Rothera to Cape DisappointmentFebruary 13, 2016
Ted Scambos writes:
On February 3rd, we departed Rothera on a BAS Twin Otter and flew 250 miles northeast to our field site at Cape Disappointment – a near-perfect vantage point to watch how this region might evolve during this warmer-than-average late summer period. The camp is set near the summit of a small dome of rock and ice (about 2 miles across and 1000 feet elevation) set at the end of a narrow low peninsula jutting out into the Larsen B embayment. To the north is a vast flat frozen ocean where the Larsen B ice shelf used to be – now filled with 4-year-old thick ocean ice and tiny iceberg fragments from the collapsing glaciers that formerly fed a 700-foot-thick ice shelf. To the south we can see the smaller remnant ice shelf filling Scar Inlet – among the northernmost remaining ice shelves on the continent, and poised now to collapse or break apart sometime in the next few austral summers. Perhaps this one.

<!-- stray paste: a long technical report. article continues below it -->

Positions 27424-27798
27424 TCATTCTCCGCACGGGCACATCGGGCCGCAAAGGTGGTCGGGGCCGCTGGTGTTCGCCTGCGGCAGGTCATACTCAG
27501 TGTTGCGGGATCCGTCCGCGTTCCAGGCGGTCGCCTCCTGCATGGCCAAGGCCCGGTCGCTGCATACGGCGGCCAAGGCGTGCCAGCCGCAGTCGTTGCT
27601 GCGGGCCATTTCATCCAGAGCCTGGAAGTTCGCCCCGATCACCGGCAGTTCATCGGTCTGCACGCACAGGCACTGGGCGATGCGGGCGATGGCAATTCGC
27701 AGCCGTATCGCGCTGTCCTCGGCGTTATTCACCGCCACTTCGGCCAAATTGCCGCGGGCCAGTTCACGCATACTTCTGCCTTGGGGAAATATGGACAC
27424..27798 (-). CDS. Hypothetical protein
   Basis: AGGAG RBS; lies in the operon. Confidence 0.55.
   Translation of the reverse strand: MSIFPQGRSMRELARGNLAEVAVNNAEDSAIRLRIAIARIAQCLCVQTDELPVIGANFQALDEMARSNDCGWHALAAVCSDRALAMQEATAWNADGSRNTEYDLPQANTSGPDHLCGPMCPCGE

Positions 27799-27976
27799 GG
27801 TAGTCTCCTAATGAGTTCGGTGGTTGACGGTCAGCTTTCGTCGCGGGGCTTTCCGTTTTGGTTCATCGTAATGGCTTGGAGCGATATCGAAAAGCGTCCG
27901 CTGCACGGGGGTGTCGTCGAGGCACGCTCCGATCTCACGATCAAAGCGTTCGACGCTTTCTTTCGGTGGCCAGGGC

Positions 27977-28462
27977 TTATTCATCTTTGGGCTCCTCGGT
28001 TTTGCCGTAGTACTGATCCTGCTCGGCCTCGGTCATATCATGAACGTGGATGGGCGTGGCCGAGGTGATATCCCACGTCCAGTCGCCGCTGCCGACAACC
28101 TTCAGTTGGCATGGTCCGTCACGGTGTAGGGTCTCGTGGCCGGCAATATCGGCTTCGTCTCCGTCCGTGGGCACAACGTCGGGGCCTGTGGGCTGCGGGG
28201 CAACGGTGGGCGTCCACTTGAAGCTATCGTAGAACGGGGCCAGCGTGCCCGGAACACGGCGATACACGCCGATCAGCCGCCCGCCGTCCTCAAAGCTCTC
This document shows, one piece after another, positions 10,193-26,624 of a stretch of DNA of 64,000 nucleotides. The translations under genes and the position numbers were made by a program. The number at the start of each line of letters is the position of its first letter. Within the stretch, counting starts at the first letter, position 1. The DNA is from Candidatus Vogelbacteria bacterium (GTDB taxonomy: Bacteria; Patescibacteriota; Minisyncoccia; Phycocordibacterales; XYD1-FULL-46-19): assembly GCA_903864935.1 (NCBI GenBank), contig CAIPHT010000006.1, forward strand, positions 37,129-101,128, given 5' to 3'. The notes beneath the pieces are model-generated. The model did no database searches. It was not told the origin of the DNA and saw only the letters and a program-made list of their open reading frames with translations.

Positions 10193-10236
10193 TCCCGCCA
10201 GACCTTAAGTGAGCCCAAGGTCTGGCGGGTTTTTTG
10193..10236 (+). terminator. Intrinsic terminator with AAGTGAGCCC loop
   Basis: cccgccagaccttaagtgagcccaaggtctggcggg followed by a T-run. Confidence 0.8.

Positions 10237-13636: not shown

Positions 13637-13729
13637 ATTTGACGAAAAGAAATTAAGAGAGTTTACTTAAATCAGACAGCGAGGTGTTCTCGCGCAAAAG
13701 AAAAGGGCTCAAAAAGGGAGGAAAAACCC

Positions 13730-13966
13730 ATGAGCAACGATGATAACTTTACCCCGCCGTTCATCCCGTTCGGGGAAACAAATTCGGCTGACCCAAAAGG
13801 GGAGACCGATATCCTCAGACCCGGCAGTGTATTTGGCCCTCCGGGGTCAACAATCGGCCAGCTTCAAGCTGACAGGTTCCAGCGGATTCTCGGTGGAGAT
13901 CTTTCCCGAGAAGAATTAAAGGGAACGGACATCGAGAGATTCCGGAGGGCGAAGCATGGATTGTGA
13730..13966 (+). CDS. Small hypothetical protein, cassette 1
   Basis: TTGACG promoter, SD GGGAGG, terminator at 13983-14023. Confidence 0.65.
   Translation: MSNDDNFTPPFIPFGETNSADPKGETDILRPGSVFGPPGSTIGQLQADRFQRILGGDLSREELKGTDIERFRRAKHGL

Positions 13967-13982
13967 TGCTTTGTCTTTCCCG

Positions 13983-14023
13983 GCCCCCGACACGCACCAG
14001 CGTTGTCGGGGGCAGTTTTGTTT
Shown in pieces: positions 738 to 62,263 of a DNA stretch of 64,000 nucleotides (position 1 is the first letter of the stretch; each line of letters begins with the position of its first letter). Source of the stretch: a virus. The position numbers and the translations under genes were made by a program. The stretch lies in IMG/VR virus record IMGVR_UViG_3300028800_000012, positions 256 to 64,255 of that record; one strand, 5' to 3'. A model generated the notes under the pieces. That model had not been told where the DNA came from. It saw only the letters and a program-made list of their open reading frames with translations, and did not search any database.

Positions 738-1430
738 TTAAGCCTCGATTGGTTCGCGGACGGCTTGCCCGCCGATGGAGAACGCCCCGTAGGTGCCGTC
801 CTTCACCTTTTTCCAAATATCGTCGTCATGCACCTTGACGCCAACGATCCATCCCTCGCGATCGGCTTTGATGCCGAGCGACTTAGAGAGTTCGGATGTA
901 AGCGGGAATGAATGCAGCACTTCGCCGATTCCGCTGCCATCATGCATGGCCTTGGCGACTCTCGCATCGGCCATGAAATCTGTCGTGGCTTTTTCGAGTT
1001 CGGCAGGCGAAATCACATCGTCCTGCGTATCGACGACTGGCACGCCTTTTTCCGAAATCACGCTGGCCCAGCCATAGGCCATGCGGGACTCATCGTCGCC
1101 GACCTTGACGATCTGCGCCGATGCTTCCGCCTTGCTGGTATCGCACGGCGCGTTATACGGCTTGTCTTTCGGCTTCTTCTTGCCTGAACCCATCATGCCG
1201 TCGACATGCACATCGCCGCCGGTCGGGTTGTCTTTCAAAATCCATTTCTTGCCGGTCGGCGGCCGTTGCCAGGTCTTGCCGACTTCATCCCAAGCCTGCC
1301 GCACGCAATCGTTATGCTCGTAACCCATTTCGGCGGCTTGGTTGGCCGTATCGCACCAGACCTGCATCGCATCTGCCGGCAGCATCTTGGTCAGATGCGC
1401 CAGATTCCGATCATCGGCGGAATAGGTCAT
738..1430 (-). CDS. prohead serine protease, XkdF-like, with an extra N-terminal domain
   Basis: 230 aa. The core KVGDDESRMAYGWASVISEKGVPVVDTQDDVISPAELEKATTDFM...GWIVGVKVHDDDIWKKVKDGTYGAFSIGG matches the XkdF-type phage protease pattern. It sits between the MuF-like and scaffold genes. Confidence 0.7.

As I write this, we’ve been here for 6 days now, with weather alternating between intense burning sunshine and blinding windstorms. Both conditions are key parts of setting the stage for a breakout of the frozen ocean or collapse of the ice shelf. During our good weather windows, we set up camp and installed 7 instrument sites — a radar, several stereo camera pairs, seismometers, and a listening device called an ‘infrasound array’.
A view of the frozen ocean surface and the Scar Inlet ice shelf surface in the distance. Blue patches on the ocean ice are meltwater. Tracking the evolution of the several cracks seen in the middle foreground is a key part of our study.
One of our tents at the summit of Cape Disappointment. Looking north, we can see a nearly flooded ocean ice surface and some distant islands.